I read something in the Sept. 6 issue of the New Yorker that intrigued me. Here's the text: "The students were instructed to sample nine types of caviar and a variety of olive oils, and do a blind identification of meats that had had their fat removed." (Sweet Memor, by Madhur Jaffrey, originally published August 19 & 26, 2002, p. 35n of the current issue.) This started me thinking about sensory detail in writing and the use of all sensory detail. I tend to use the strongest and most obvious ones: site, hearing, touch, but smell and taste seem to get less attention, at least in my brain and in my writing. So since there are 5 primary senses (and yes sometimes a sixth sense - but that's for another blog post), I decided that each day deserved a focused sense. This is how I've decided to break it down:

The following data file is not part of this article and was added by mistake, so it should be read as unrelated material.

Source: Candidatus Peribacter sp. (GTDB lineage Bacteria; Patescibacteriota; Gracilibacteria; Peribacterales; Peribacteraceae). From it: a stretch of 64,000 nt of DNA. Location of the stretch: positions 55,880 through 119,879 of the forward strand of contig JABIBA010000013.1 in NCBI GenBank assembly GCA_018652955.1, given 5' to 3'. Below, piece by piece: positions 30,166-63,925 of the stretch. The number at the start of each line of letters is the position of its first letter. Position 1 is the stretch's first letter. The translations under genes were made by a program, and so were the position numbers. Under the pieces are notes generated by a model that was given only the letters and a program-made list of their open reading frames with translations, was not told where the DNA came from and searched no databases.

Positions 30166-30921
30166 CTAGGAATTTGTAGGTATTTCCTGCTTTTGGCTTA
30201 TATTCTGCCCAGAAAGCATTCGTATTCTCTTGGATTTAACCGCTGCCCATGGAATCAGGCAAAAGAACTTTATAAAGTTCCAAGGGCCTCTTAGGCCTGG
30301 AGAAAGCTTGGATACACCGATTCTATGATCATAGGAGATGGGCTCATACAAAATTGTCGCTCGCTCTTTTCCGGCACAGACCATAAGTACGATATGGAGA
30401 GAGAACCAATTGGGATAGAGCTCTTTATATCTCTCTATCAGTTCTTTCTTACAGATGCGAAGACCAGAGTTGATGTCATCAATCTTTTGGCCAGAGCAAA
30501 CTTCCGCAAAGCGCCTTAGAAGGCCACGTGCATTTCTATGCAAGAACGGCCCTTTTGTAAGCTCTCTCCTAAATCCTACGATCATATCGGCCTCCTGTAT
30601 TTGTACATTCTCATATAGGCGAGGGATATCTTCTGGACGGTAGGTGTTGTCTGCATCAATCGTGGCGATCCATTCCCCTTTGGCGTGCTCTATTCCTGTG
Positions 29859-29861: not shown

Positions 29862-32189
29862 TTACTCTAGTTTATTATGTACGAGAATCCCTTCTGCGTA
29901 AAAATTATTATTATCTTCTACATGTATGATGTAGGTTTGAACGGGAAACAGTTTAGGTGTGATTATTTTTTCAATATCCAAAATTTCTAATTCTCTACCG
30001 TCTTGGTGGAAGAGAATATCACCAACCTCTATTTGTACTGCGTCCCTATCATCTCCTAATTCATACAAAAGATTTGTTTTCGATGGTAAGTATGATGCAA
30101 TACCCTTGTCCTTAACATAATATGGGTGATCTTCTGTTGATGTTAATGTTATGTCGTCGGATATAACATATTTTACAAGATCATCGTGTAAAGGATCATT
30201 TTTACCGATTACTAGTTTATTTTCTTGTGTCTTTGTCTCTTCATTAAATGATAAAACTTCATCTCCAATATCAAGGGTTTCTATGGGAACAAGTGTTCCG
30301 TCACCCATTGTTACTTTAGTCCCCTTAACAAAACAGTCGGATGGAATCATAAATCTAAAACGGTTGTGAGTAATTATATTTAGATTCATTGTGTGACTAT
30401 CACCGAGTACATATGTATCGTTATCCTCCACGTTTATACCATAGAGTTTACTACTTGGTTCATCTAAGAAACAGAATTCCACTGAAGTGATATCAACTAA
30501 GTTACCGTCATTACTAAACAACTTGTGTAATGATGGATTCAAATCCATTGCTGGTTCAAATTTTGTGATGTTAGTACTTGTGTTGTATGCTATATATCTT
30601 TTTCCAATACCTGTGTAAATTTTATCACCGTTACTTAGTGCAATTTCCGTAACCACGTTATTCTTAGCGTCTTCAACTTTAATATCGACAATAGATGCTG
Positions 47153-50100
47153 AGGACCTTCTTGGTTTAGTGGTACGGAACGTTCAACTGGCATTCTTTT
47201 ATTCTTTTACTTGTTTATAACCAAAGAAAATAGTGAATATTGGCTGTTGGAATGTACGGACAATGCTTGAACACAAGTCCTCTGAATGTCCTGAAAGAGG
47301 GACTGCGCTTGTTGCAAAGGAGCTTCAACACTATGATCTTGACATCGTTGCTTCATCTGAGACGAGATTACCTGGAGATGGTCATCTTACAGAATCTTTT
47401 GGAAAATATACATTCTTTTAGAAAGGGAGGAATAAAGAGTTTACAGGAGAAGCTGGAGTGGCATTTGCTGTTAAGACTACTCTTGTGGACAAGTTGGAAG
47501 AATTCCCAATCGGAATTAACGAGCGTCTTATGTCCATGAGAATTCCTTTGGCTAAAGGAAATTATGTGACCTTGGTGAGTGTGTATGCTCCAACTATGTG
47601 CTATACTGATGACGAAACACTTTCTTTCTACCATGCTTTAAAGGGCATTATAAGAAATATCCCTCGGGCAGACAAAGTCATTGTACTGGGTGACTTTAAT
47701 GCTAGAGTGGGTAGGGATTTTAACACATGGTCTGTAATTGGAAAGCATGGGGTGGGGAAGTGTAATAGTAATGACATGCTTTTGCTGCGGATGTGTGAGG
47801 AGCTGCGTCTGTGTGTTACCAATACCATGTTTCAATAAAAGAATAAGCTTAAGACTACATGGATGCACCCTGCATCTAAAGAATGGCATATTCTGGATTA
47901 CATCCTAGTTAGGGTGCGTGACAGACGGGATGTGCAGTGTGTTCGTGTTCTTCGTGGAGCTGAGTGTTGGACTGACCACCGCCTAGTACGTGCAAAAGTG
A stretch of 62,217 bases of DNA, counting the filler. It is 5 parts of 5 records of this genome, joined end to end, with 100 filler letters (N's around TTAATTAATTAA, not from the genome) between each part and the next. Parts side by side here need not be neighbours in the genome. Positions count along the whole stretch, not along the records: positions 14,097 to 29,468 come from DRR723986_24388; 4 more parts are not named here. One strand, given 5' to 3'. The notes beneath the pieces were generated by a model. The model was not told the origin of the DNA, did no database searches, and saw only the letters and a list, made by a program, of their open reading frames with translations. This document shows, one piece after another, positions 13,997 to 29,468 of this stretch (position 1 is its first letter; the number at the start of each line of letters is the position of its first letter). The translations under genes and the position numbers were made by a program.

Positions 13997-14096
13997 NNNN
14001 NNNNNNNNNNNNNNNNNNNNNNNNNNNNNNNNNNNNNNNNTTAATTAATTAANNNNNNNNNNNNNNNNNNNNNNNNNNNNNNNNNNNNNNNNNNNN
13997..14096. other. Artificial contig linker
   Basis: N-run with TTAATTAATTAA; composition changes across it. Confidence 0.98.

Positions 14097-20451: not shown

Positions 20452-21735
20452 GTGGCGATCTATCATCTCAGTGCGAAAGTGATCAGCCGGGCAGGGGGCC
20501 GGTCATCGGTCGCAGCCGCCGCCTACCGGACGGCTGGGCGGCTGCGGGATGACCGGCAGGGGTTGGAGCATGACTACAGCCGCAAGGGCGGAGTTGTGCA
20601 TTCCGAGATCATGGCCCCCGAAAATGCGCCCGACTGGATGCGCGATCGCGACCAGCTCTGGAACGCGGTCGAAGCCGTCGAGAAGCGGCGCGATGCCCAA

- Monday - Smell
- Tuesday - Taste
- Wednesday - Hearing
- Thursday - Seeing (thus the walking around DC)
- Friday - Feeling
There's no particular reason for the order, just the Tuesday-tasting and Friday-feeling had an alliteration that would make it easier to remember. And that's not to say, for instance, Friday (Trevor Noah show) can't overlap with Tuesday (Indian food here in DC). But on Wednesday, I'll know, remind myself, practice concentrating on what I hear, even the sounds that annoy me or pique my interest or confound me.